Access to Justice

Supreme Court strikes down state Medicaid recovery law

By Terry Baynes


(Reuters) – The U.S. Supreme Court on Wednesday struck down a North Carolina law that allowed state officials to seize one-third of a medical malpractice settlement paid to a Medicaid recipient.


At a time when many states are expanding their Medicaid programs under the Affordable Care Act, the high court’s decision restricts how states can tap into Medicaid beneficiaries’ lawsuit winnings and settlements to recover the state’s medical expenditures.


In the case, Wos v. EMA, North Carolina claimed over $900,000 of a legal settlement won by the parents of a 13-year-old girl born with serious injuries that left her unable to live or work independently. The parents of the girl, who is identified in the lawsuit only as EMA, sued the delivery doctor and hospital for medical malpractice.


The case settled for $2.8 million, the insurance policy limit of the defendant physician, even though the suit had requested damages of $42 million. The settlement did not indicate what part of the $2.8 million was meant to cover EMA’s medical expenses, which were paid, in part, by Medicaid.


North Carolina claimed over $900,000 of that amount under a law that allows the state to recover one-third of any legal verdict or settlement as a reimbursement for the state’s Medicaid costs. EMA’s family sued the state, arguing that the amount was disproportionately large and violated the federal Medicaid law, which limits a state’s recovery to medical expenses.


The U.S. District Court for the Western District of North Carolina found the state’s method for determining its reimbursement was reasonable, but the 4th U.S. Circuit Court of Appeal in Richmond, Virginia, disagreed in 2012.


The Supreme Court upheld the 4th Circuit’s ruling in a 6-3 opinion, finding that North Carolina’s law conflicted with the federal law’s requirement that a state not claim more than what it paid for medical expenses, known as the anti-lien provision.


“The State provides no evidence to substantiate its claim that the one-third allocation is reasonable in the mine run of cases,” Justice Anthony Kennedy wrote for the majority.


If a state could designate one-third of any recovery as being for medical expenses, it could “arbitrarily designate half or all of the recovery in the same way,” he added. North Carolina’s “one-size-fits-all statutory presumption” was incompatible with the federal Medicaid law, he concluded.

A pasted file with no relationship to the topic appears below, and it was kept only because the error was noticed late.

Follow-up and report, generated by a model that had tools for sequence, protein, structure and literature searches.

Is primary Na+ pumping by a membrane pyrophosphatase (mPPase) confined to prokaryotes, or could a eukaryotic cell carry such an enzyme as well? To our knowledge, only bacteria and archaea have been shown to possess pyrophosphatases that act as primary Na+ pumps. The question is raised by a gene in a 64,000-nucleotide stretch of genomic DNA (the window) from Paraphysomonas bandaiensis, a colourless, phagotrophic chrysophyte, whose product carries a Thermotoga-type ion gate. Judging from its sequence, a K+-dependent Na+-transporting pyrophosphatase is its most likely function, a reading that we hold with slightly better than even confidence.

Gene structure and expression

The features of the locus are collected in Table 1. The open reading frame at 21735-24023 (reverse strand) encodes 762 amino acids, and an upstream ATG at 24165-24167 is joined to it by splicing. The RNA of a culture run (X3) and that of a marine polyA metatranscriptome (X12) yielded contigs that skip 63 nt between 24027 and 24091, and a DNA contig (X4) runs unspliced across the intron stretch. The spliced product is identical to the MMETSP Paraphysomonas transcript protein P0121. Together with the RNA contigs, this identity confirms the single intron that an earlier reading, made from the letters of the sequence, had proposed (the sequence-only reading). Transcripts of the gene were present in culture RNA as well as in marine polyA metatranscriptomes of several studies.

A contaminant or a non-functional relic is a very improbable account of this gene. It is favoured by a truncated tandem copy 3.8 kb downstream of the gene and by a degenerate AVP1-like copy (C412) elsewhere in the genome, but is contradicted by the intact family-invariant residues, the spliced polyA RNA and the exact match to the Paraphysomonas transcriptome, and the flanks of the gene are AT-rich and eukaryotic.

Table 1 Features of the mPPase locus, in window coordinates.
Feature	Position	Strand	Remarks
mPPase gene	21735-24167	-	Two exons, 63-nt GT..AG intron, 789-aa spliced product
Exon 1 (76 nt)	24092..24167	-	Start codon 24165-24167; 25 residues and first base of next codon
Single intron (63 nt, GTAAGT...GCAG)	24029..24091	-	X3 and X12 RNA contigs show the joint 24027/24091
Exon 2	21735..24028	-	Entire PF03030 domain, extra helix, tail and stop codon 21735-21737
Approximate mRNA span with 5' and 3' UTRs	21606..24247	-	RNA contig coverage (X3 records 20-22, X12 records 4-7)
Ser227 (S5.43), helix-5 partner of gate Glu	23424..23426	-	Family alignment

The North Carolina Department of Justice declined to comment on the decision.




Texas and 10 other states had supported North Carolina in an amicus brief, arguing that the federal Medicaid law was an agreement between the federal government and the states, and did not provide Medicaid beneficiaries with a legal claim.


The federal Medicaid Act requires states to recoup their medical expenses from beneficiaries’ tort winnings. It does not specify what percentage of tort winnings should be allocated as medical expenses if the verdict or settlement does not say.


Several states, including North Carolina, Florida and Ohio, have laws that allow the states to recover a fixed percentage of the tort recoveries for Medicaid costs. Sixteen other states and the District of Columbia conduct administrative hearings on a case-by-case basis to determine what percentage of the verdict or settlement was for medical costs. The majority of the justices supported the case-specific hearing approach.


Three justices from the court’s conservative wing dissented, siding with North Carolina.


“States define the contours of their own tort law all the time, setting rules about who may recover in particular circumstances,” Chief Justice John Roberts wrote, joined by Justices Clarence Thomas and Antonin Scalia. He said there was no evidence Congress ever intended to strip states of their right to regulate tort recoveries.


Christopher Browning, a lawyer for EMA and her parents, said the North Carolina statute had made it difficult for parties to settle lawsuits, knowing that some of the money for pain and suffering or other injuries would be collected by the state’s Medicaid program.


Advocates for Medicaid beneficiaries also called the ruling a significant win, given the expanded role of state Medicaid programs under the Affordable Care Act.


“This decision upholds the right of people who rely on Medicaid for their health insurance to go into court if the state is ignoring the requirements of the federal statute,” said Rochelle Bobroff, a lawyer with the Constitutional Accountability Center who submitted an amicus brief on behalf of the American Association of Retired Persons.

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